He made a successful move back to England with Spurs in 1989 after finding himself frozen out by Cruyff, who often played him out of position. In London he continued to display his prowess in front of goal scoring 80 times for Tottenham in 138 games. By now he had firmly established himself as a goal-poacher extraordinaire, starting many a celebration from his backside or flat on his face after prodding home another typical finish. But he had more to his game than that. His anticipation, movement and touch were the foundations on which he built his goal tally and his ability to link so effectively with his strike partner made him a perfect team player.
Among all this however, sits the spectre of what might have been. Lineker’s was a career that was far from unfulfilled, but the nearly moments would surely have cemented his place among the greats. He was a part of the Everton team that could have won an historic double in 1985-6 and, although Lineker scored first in the FA Cup final, the Toffees lost both the cup and the title to Merseyside rivals Liverpool. A year later after his success in the World Cup he was placed second in the Balon D’Or and in 1991 he came third in the FIFA World Player of the Year behind Lothar Matthäus and Jean Pierre-Papin.
Although his Spurs side triumphed in the 1991 cup final over Nottingham Forest, Lineker was unable to make his personal mark on the final – missing a penalty and having a goal wrongfully disallowed. He shone in the semi final against Arsenal, scoring twice in a 3-1 win but his performance was almost a sideshow to the gut-busting effort, sublime skill and spectacular free kick of Paul Gascoigne, who stole the plaudits. He came within a whisker of equalising for England against Argentina in ‘86 World Cup quarter final after Maradona had scored first with his hand and then with the goal of the century. Four years later he was part of the England side that fell at the semi-final stage despite equalising against the Germans and converting his penalty in the shoot-out.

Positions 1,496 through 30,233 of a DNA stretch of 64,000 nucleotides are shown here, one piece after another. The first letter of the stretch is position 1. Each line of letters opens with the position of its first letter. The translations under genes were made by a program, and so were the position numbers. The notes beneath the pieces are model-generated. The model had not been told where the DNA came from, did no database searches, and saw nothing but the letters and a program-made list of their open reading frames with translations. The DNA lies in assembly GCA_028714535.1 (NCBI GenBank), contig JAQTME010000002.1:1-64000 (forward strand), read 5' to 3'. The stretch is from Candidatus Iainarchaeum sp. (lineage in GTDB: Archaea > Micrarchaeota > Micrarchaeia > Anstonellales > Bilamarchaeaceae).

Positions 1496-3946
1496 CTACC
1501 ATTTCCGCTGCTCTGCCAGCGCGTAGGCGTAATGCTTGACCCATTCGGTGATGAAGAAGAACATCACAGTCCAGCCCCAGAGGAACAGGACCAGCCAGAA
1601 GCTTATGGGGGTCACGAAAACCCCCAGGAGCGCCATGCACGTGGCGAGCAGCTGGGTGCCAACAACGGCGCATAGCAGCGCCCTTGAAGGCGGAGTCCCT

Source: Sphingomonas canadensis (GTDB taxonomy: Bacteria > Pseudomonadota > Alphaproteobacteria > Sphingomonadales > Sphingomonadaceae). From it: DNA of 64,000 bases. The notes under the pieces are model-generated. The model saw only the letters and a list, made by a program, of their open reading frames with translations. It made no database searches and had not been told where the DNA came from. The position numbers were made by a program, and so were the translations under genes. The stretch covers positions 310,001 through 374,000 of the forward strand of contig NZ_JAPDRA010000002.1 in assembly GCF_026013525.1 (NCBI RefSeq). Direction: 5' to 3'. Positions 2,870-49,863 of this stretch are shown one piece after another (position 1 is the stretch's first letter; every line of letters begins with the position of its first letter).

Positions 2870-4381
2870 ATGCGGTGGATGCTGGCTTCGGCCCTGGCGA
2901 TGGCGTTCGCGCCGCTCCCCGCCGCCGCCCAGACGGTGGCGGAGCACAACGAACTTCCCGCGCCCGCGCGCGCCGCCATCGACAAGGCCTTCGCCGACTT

In a friendly against Brazil in May 1992, Lineker was presented with a golden opportunity to match Charlton’s record 49 international goals from the penalty spot. He scooped a tame effort towards the goal, where Brazil’s goalkeeper Claudio Taffarel guessed correctly but dived almost too early; the ball hit his arm and flicked behind him before he adjusted his weight and fell on the ball as it sat a foot from the goal line.
It was the first and only time Lineker had missed from the spot in his England career. His rueful smile following the miss understated the disappointment that was felt across the country. Exactly one month later in Solna, at the European Championships in Sweden, he was substituted for former Leicester City strike partner Alan Smith in the 62nd minute; bringing the curtain down on his international career, one goal short of the record.
As we now know, this was far from the end of Lineker’s time in the spotlight. His easy manner, impish smile and self deprecating humour made him a perfect fit for media work. But behind his now silver locks, boyish grin and oversized ears is the beating heart of one of the most clinical marksmen to grace the modern game. He should be remembered in this country for the player that he was and not for the personal disappointments that befell him. He captured my imagination during that summer of 1990 and I am privileged to say that I saw him play. Just once. But that makes it perhaps that little bit more special. For better or for worse I became a Spurs fan at Upton Park in October 1991 and I have Gary Winston Lineker to thank for that. He scored that day too. Of course he did.